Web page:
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Drought in Kenya

Drought in Kenya

 

Recent photos from our team in Kenya demonstrate the extent of damage the ongoing drought has caused for the natural landscape. The first photo was taken in February 2022, the second in October 2019, the difference is stark and horrifying. 

Three consecutive rain seasons have failed to arrive across Kenya, including the areas around Mombasa where Haller operates. The March-May rainfall distribution in both time and space is expected to be poor. There is a high level of concern around food insecurity, as well as health impacts from lack of access to clean water. 

In December, maize prices in Mombasa were already 23% above average due to high demand and declining maize imports from Tanzania. Without an improvement in growing conditions, prices are set to only increase over the coming months. These issues have been exacerbated by the Russian invasion of Ukraine, which has produced a surge in wheat prices. 

The connection between climate change and drought is well established. However, the true scale of the impact climate related droughts could have, has only recently been spelled out. In October last year, the UN warned that over 100 million people across Africa were under threat from accelerating climate change. The continent is warming much faster than the rest of the world, and this has already had devastating human consequences. The number of undernourished people in sub-Saharan Africa has increased by 45.6% since 2012 according to the FAO. Currently Madagascar is experiencing the first ever famine acknowledged by the UN to be driven not by conflict but by climate change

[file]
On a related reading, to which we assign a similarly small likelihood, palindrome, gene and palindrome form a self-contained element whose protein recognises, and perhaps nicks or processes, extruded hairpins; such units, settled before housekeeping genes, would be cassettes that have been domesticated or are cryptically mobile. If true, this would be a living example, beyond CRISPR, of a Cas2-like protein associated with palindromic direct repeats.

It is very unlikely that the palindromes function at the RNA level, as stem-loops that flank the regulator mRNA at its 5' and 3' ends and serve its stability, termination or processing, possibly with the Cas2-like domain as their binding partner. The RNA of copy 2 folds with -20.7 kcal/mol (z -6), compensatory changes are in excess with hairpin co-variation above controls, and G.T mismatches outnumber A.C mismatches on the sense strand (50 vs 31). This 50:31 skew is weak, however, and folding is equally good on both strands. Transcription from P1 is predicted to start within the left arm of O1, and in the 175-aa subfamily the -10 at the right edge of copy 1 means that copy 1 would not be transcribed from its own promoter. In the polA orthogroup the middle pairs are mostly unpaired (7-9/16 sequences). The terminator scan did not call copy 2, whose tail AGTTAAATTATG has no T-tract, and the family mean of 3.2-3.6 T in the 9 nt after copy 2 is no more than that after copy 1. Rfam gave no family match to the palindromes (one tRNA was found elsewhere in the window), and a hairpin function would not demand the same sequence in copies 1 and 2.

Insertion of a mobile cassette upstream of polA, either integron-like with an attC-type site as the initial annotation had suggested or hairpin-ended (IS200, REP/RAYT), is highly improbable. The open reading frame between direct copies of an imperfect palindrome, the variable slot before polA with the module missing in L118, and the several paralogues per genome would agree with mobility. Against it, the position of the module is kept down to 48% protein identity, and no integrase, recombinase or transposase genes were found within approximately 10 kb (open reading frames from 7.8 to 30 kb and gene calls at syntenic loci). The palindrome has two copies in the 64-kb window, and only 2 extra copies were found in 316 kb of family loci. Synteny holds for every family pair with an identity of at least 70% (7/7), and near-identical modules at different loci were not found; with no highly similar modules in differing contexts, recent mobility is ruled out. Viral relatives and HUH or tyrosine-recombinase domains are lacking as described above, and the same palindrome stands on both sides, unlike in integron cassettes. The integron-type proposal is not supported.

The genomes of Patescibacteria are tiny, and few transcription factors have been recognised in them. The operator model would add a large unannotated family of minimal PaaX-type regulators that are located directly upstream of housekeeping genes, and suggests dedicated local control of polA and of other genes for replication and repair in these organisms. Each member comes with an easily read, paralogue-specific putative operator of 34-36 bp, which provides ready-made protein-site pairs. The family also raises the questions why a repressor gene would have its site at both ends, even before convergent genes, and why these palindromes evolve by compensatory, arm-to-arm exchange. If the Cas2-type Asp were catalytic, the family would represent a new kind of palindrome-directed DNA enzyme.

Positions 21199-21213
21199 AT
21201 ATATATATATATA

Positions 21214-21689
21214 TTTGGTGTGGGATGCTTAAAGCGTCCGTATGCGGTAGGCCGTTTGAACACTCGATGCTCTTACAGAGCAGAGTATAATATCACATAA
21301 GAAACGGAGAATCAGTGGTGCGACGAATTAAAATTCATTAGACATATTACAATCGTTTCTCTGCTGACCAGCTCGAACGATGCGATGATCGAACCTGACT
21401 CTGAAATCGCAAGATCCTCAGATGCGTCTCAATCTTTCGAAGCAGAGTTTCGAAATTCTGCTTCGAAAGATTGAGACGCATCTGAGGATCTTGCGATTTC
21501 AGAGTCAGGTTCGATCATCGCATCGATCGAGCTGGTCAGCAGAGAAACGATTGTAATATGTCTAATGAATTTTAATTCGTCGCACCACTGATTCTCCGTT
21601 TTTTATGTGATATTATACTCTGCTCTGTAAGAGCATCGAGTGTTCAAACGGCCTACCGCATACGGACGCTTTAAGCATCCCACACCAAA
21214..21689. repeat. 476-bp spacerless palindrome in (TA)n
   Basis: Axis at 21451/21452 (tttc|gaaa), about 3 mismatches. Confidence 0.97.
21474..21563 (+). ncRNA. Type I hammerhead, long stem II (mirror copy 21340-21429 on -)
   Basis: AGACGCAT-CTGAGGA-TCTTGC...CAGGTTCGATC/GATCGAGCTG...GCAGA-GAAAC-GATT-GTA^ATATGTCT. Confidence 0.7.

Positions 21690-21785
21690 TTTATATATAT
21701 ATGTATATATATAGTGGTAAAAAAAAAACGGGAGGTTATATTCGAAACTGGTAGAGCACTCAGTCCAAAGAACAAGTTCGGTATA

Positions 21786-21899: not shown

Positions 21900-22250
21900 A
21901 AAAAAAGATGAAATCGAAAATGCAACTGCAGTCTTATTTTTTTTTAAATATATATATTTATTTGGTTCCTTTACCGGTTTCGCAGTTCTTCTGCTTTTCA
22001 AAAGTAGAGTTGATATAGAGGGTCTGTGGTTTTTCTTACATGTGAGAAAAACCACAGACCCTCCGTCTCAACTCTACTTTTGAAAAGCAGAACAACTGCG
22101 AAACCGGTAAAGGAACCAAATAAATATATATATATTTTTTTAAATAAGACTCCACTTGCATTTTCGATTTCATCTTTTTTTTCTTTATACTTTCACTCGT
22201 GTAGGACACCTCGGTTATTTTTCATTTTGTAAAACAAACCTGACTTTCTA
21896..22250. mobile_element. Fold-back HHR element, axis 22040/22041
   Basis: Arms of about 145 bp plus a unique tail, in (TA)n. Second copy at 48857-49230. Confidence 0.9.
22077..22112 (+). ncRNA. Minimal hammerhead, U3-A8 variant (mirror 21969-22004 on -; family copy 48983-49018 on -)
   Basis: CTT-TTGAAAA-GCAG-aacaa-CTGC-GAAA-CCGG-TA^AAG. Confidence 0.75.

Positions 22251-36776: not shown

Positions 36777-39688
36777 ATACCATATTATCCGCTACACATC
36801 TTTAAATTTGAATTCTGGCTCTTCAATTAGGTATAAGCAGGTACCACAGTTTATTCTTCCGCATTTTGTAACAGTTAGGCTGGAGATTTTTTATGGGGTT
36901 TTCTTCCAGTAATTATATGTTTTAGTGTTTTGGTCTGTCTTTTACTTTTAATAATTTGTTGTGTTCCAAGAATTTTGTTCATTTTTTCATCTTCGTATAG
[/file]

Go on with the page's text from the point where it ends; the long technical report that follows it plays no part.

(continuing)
Our team in Kenya is working to combat the immediate impacts of the drought on food security through a porridge program in schools, as children are most at risk of malnutrition. In the longer term, our focus is on helping smallholder farmers establish food security, but also food sovereignty, meaning they can rely on the crops they grow to sustain themselves. 

Our agricultural advisor, James, is piloting innovative SALT programs (Sloping Agricultural Land Techniques). These incorporate fanya chini terraces, zai pits and bottle-drip irrigation. Combining these techniques minimises water loss, conserves rainfall and reduces erosion.  

The team’s work is critical, and the situation in Kenya reflects the impacts of climate change in the present moment. Too often, the consequences of climate change are spoken about in the future tense, but for millions of people they are an everyday reality. We need to change the way we speak and act around the climate, and change far off deals into immediate action. 

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